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10885 The Relationship between Rhythmic Complexity and Listening Engagement as a Proxy for Perceptual Interest

Authors: Noah R. Fram

Abstract:

Although it has been confirmed by multiple studies, the inverted-U relationship between stimulus complexity and preference (liking) remains contentious. Research aimed at substantiating the model are largely reliant upon anecdotal self-assessments of subjects and basic measures of complexity, leaving potential confounds unresolved. This study attempts to address the topic by assessing listening time as a behavioral correlate of liking (with the assumption that engagement prolongs listening time) and by looking for latent factors underlying several measures of rhythmic complexity. Participants listened to groups of rhythms, stopping each one when they started to lose interest and were asked to rate each rhythm in each group in terms of interest, complexity, and preference. Subjects were not informed that the time spent listening to each rhythm was the primary measure of interest. The hypothesis that listening time does demonstrate the same inverted-U relationship with complexity as verbal reports of liking was confirmed using a variety of metrics for rhythmic complexity, including meter-dependent measures of syncopation and meter-independent measures of entropy.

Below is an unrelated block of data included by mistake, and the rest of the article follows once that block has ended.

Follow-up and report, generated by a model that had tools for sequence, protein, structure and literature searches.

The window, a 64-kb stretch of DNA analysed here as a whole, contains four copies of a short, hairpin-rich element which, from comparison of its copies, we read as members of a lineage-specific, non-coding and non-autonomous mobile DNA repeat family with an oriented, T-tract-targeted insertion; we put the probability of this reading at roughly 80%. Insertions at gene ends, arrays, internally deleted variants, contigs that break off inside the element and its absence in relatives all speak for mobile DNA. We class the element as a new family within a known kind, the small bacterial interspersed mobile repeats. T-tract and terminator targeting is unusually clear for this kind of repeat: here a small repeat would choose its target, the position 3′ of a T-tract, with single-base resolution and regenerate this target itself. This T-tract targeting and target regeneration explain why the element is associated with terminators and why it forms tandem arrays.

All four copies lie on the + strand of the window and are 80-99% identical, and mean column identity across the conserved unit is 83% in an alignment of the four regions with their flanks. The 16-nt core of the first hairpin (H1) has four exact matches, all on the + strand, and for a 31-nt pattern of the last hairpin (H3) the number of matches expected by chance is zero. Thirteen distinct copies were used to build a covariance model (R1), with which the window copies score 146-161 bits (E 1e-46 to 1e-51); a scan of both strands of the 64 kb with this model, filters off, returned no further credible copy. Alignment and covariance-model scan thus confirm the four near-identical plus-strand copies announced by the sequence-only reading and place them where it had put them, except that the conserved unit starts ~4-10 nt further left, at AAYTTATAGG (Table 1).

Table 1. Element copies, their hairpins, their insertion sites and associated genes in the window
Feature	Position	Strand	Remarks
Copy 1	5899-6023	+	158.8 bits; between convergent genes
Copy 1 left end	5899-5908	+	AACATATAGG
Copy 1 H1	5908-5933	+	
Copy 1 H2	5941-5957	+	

Keywords: complexity, entropy, rhythm, syncopation

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10884 The Quality of Management: A Leadership Maturity Model to Leverage Complexity

Authors: Marlene Kuhn, Franziska Schäfer, Heiner Otten

Abstract: